Should women – or men – be barred from an organisation?

In recent days, there’s been something of a kerfuffle in the Letters page of The Irish Times, about the notion of male-only organisations. The group under the gun at the moment is an Irish-American one called the Society of the Friendly Sons of St Patrick (SFSSP), with its name clearly indicating it’s for men only.  The Society has for many decades been a major charity fund-raising organization  – in fact I remember approaching them as a university student in search of funding. But a number of commentators have been highly critical of the fact that there should be such an organization that excludes women.

It’s a plausible argument – why shouldn’t women be given the right to join any organisation? But I have yet to see a GAA county football or hurling team include women. There are of course GAA women’s football teams (or ‘Ladies’, as the GAA quaintly calls them) and it would appear that this segregation of the sexes is a happy enough arrangement. It’s based, I would imagine, not on denying women’s rights but around the fact that men tend to be bigger, stronger and therefore more effective football players. The same applies to soccer. Manchester City, Chelsea, Arsenal – lots of English clubs have a flourishing women’s team. There are women and men tournaments under the same roof, as it were – there’s a Men’s Wimbledon championship and a Women’s Wimbledon championship: parallel but separate. Although Wimbledon also has a mixed doubles tournament.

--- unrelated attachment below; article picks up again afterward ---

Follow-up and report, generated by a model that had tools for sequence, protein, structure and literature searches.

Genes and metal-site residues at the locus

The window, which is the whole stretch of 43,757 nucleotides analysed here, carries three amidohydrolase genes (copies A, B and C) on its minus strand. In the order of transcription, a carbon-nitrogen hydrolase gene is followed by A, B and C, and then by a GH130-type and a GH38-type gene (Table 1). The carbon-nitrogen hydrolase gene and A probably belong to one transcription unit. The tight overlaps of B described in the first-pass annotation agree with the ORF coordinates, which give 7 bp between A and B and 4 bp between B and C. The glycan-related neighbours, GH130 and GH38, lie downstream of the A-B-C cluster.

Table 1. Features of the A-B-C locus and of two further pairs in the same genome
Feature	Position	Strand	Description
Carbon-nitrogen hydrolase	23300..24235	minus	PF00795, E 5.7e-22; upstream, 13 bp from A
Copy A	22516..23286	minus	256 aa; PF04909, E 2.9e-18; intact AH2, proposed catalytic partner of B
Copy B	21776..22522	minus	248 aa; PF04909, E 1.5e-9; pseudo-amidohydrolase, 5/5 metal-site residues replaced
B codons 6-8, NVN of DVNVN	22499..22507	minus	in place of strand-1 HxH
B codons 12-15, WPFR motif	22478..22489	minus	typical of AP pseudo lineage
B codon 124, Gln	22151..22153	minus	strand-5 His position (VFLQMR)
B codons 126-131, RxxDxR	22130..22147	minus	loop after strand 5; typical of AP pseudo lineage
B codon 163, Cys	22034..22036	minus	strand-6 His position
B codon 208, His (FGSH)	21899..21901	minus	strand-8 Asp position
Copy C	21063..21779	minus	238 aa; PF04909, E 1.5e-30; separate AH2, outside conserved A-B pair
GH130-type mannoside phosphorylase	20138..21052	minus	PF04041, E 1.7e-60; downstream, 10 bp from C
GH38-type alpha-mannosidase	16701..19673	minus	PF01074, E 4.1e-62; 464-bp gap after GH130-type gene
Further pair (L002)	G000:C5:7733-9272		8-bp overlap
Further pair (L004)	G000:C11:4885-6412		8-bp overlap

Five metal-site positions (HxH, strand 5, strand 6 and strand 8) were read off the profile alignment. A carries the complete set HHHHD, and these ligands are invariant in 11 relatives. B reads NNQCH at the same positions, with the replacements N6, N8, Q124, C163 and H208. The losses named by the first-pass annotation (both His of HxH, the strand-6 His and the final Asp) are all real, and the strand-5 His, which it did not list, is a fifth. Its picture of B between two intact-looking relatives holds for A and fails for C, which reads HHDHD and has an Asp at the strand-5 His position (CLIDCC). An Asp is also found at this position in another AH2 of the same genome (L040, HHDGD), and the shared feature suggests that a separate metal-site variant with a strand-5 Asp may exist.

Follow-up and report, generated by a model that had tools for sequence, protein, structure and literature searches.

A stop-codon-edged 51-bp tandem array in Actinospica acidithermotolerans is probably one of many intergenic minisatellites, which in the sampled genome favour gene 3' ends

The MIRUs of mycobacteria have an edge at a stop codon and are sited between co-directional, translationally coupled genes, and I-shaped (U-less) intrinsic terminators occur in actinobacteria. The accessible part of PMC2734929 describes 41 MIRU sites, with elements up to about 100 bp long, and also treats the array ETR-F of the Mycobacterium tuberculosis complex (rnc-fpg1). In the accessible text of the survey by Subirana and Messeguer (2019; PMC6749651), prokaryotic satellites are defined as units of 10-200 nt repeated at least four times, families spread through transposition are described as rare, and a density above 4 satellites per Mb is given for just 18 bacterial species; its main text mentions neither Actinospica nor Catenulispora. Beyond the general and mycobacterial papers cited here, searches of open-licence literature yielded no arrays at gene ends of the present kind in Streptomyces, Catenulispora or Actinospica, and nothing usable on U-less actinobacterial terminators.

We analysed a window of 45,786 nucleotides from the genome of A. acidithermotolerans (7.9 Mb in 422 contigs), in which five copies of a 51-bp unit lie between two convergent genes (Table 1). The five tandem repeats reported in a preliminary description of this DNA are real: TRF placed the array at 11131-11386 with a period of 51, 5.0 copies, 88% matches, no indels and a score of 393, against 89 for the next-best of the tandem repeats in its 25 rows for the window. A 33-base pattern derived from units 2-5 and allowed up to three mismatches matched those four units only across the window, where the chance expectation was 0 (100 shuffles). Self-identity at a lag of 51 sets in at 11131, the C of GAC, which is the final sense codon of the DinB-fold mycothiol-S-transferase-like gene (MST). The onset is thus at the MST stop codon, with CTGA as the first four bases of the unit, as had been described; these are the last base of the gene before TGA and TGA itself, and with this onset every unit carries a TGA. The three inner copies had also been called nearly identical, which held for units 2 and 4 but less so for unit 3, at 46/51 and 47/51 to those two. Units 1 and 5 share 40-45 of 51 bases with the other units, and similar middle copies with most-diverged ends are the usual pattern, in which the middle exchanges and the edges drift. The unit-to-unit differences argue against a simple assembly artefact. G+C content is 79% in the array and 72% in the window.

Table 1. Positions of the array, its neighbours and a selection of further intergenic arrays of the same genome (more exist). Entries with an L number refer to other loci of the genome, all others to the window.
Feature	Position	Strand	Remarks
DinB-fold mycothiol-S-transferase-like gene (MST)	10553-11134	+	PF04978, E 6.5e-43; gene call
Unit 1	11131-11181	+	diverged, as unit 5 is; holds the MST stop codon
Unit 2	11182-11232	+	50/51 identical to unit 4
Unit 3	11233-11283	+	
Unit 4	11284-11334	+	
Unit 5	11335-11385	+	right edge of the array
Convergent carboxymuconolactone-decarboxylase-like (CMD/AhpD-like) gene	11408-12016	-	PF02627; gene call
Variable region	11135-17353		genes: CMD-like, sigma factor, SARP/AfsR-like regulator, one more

Some golf clubs fought for decades to keep women from becoming full members – some may still do that – but now most welcome them on equal terms with everyone else. The Women’s Institute in Britain, which has thousands of members, has no qualms in turning away any male – although I don’t know of a recorded  instance where a man applied. In general, when you leave the world of sport, it gets harder to justify the exclusion of women. Or men.

Always quick to protect the vulnerable and open to new thinking, the Orange Order has, within its ranks, a Women’s Order.  Who knew? The Catholic Church also makes room for women through its many religious orders, but the door to priesthood remains firmly locked and barred.

My own view is that totally integrated organisations of men and women, on an equal footing, is always more logical and productive. But then I’m biased: I’ve always found women more interesting than men.

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